In 2013, multi-award-winning author Padma Venkatraman read an article about Kanhaiya Kumari who had been born in prison in India. When he was too old to remain there, he was sent out into the world alone without his mother. She never forgot about that boy.
“When the pandemic hit,” Venkatraman wrote on librarian, educator, and writer John Schu’s blog, “I returned to a draft of [a young boy’s] story that I had written and set aside. As the world entered a ‘lockdown’ I was drawn to this character who had spent his whole life locked up … I wrote and rewrote during the pandemic.”
The result is Born Behind Bars, the powerful and instructive middle-grade companion novel to her fourth book, The Bridge Home. She continues to explore child homelessness; families of choice and birth; and caste, religious, and cultural differences. But this time, she also examines a prejudicial and broken justice system and how it affects children.
Kabir Khan, our bright young narrator, was born in prison in Chennai and is a child of dualities. His mother is a low-caste Hindu trapped in a system that imprisoned her for a theft she didn’t commit, and his father, whom he has never met, is a Muslim who wed his mother secretly because of their religions. Kabir also is bilingual, speaking Kannada (his parents’ language) and Tamil. And having grown up in confinement, he dreams of the freedom of the outside world based on what he sees on TV and hears in his mother’s stories.
At age nine, he suddenly is discharged to a man who claims to be his uncle. Kabir has two resolute goals despite having little bits of information. He must find his father—whose letters stopped soon after he wrote from Dubai—and his grandparents who never knew their son married a Hindu. Then, he was sure he would be able to secure his mother’s release.
Once living on the streets of Chennai, Kabir is assisted by a homeless Kurava-gypsy teen named Rani who has a sharp wit and even sharper survival skills. She takes a liking to Kabir and, with her parrot, joins him on his quest to locate his family. Their journey from Chennai to his father’s hometown of Bengaluru proves challenging, but Kabir’s fluency in two necessary languages comes in handy. For all the obstacles and inhospitable people Kabir and Rani encounter, they remain steadfast because there are kind-hearted, generous people that propel them forward and give them hope.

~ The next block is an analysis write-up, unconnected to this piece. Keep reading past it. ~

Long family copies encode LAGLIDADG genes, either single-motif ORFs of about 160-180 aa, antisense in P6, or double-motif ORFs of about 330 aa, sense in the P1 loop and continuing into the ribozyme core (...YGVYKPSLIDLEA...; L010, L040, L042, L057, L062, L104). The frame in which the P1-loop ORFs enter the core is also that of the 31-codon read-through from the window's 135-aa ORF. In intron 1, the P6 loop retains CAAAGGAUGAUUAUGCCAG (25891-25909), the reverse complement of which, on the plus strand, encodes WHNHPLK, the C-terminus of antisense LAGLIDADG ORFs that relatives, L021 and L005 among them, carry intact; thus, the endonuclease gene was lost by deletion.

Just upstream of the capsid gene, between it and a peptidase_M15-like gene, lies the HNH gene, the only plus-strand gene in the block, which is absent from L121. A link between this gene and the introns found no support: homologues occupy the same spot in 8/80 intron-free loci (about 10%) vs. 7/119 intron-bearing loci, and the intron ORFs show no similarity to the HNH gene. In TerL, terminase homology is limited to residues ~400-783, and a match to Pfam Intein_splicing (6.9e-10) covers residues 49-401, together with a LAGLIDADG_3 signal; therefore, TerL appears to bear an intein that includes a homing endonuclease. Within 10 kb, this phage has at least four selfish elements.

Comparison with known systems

As a storyteller for children, Padma Venkatraman is masterful, writing honestly about the realities of life, turning just the right phrase to set the reader firmly in Kabir’s worlds—in prison and outside. Her precise writing brilliantly sets the stage for every step Kabir takes.
For example, there is no doubt that Kabir was raised in dreadful conditions. “The stench of the toilets is as strong as a slap in the face,” he tells us. “Water trickles out of the rusty tap.” “The pale orange stream of water.” And when the small fan in the cell stops, Kabir says, “I feel like a grain of rice boiling in my own sweat.” In contrast, he tells us he dreams of blue skies “bright as a happy song,” and stepping in “a river of cool, clear water.”